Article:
I had an interesting experience recently knitting a shawl inspired by the author A.S. Byatt. I thought reading a book by said author whilst knitting would amplify the … Byatt-ness of the whole thing. First, I have to say that Byatt is one of my favorite authors, and that whenever I read her books, I dream and dream and dream at night, often having nightmares! Clearly they work on my subconscious and I need to sort things out waking and sleeping.
I chose Possession to read because I’ve read it so many times before, and I’ve already done lots of dreaming and nightmaring over it. Of course, things didn’t work out so simply. Do they ever? I noticed for the first time with this reading what a strong vein of — imaginative disobedience runs through the novel. I don’t want to give anything away if you haven’t read it yet, but through Christabel LaMotte’s actions, through the Fairy Melusine that Christabel evokes through her poetry (which evokes Lilith, which evokes…) and Roland’s abandonment of literary criticism for his lists which become his poetry — and so much more — creative rebellion is afoot.
This spirit of inventiveness and unruliness definitely bled over into my knitting. The large, asymmetrical section went along as planned. Then, I got to the next section where you introduce a contrast color and start slipping and twisting stitches in order to make a striped, chain link sort of pattern. Once I made the first repeat of that section, I realized that the stitches should have been slipped purl-wise instead of knit-wise in certain places (which I confirmed in an update of the pattern) but — I liked the twisting, ornate look of it so much I kept it, and decided to do the entire section that way! Wildness! Rebellion! It looks much more — baroque — and reflective of the twists and turns my mind was making whilst reading.
The next thing that happened is that I ran out of the main color two repeats in! I didn’t want to purchase yarn — the yarn I was knitting with was already in my stash and I didn’t want to spend any coupons. I also didn’t want to end the section with only two repeats — I envisioned the shawl as being large and grand! I had to find more yarn in my stash, and the vibrant blue and an antique gold were not easy colors to add another color to! I knew I had a grey of the same brand and weight yarn — neutral! safe! But when I started digging, I couldn’t find it. An auburn yarn kept on showing itself to me, and I finally relented. It’s the color of the hair of Pre-Raphaelite muses. It wanted to be included.
(an aside: after I started knitting with the auburn, I went into my stash for another reason and THERE WAS THE GREY right in front of my eyes! How mysterious is that?!) After I finished the slip stitch section, I was ready to start the lace section with a little garter stitch in between. I thought, now that I’m in full flight of fancy mode, why don’t I put that little bit of that blue I have left in for two rows of the garter stitch to tie it into the beginning of the shawl? And yes, that auburn. I (and perhaps the ghost of Dante Gabriel Rossetti) would like that auburn as the lace section instead of the antique gold contrast color, to give that one repeat of slip stitch auburn a raison d’être. Yes.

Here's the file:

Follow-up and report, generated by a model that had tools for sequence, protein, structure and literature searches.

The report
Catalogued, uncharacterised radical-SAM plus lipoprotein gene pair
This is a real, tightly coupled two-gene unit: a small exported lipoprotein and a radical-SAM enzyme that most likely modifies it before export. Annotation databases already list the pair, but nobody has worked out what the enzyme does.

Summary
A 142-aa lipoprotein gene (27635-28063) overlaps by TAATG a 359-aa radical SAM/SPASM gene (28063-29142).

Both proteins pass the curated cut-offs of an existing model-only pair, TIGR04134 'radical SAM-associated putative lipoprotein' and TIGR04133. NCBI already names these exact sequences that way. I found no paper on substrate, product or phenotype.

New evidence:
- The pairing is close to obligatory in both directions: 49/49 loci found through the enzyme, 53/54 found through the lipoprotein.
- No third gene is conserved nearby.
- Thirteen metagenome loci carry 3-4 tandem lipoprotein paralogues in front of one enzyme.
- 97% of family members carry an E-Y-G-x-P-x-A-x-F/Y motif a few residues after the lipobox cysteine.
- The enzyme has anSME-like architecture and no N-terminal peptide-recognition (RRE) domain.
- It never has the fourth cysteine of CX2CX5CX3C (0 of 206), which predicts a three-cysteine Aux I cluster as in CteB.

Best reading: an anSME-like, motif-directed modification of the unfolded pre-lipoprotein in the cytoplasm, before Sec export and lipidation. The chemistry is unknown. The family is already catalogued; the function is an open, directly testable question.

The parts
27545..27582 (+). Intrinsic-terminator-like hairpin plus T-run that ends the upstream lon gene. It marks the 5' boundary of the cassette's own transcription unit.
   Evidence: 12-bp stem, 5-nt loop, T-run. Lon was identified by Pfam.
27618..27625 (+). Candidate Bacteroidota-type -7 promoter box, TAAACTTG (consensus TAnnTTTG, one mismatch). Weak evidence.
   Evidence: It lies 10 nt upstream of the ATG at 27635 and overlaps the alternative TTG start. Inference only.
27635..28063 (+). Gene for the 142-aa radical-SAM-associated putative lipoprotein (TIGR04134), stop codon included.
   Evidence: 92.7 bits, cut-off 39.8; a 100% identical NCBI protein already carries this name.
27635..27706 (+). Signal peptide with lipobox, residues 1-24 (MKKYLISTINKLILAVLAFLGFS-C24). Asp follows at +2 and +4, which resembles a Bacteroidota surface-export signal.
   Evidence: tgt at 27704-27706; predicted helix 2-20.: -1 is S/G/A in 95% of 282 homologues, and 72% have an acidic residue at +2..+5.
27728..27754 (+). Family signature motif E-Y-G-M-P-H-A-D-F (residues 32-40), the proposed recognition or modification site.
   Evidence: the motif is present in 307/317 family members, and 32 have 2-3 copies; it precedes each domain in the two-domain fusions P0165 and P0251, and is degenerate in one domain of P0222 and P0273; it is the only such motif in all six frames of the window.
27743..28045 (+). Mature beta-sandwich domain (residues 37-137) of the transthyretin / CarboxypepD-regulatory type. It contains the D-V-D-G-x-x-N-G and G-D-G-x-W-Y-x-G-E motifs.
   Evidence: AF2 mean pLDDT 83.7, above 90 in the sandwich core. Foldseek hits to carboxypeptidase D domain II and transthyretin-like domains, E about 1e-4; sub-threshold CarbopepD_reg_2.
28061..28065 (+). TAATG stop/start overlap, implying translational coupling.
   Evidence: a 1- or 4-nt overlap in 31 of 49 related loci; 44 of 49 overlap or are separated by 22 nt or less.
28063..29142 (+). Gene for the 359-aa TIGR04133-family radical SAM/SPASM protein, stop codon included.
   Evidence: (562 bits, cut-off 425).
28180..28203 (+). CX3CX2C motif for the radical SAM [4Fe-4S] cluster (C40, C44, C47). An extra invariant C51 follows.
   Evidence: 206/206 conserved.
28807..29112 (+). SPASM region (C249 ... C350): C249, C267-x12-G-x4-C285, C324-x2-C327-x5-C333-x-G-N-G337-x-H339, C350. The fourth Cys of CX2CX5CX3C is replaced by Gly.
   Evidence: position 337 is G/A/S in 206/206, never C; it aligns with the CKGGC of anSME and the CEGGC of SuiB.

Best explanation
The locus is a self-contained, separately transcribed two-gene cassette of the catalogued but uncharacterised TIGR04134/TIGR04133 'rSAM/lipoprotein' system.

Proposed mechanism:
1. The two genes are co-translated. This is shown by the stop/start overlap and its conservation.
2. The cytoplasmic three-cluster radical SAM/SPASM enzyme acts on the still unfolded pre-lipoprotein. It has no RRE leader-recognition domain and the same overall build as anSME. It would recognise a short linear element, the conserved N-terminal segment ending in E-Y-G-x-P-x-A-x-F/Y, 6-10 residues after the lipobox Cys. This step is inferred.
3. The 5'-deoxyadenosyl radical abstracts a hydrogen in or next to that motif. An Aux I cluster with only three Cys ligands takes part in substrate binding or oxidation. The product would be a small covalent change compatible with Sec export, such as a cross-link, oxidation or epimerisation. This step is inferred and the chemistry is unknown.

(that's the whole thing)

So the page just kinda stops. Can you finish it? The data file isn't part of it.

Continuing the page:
All that I had left of the knitting was the picot bind off. The pattern has it in the same color as the lace, but how fun would it be to go back to the antique gold for that to show off those little picot delights? Very fun! So I changed it.
Finally, it was time to block. I looked at the schematic in the pattern to figure out the final dimensions, and realized that the lacy part was not going to be the longest, diagonal portion of the shawl if I blocked it in that manner. So, I did it as I imagined it 🙂 I made the large blue section run across the top, straight, and made the lacy and picot section stretch out diagonally, and pinned out every fifth picot to a point.
I love it.
It’s sweeping and dramatic and not exactly harmonious — it’s a bit difficult with the auburn — but kind of like some dissonant classical or jazz piece, it works. Just like the book, it has a lot going on — and it’s all the better for it. A bit of rebellion against the pattern, just like Byatt plays with the pattern of “a romance” and what women are supposed to be and do. I now can’t separate the experience of knitting this shawl and reading Possession. Each were made richer by the other.
Many thanks to Karie Westermann for designing so wonderful and substantial a pattern to accommodate all this imagining!
P.S. Couldn’t stop at Possession. Read the Biographer’s Tale right after — warm and funny and exuberant and dreams, dreams, dreams! I’m now reading The Virgin in the Garden and dreams and nightmares and nightmares. Gosh I love A.S. Byatt. And knitting. Byatt uses lots of knitting metaphors by the way 🙂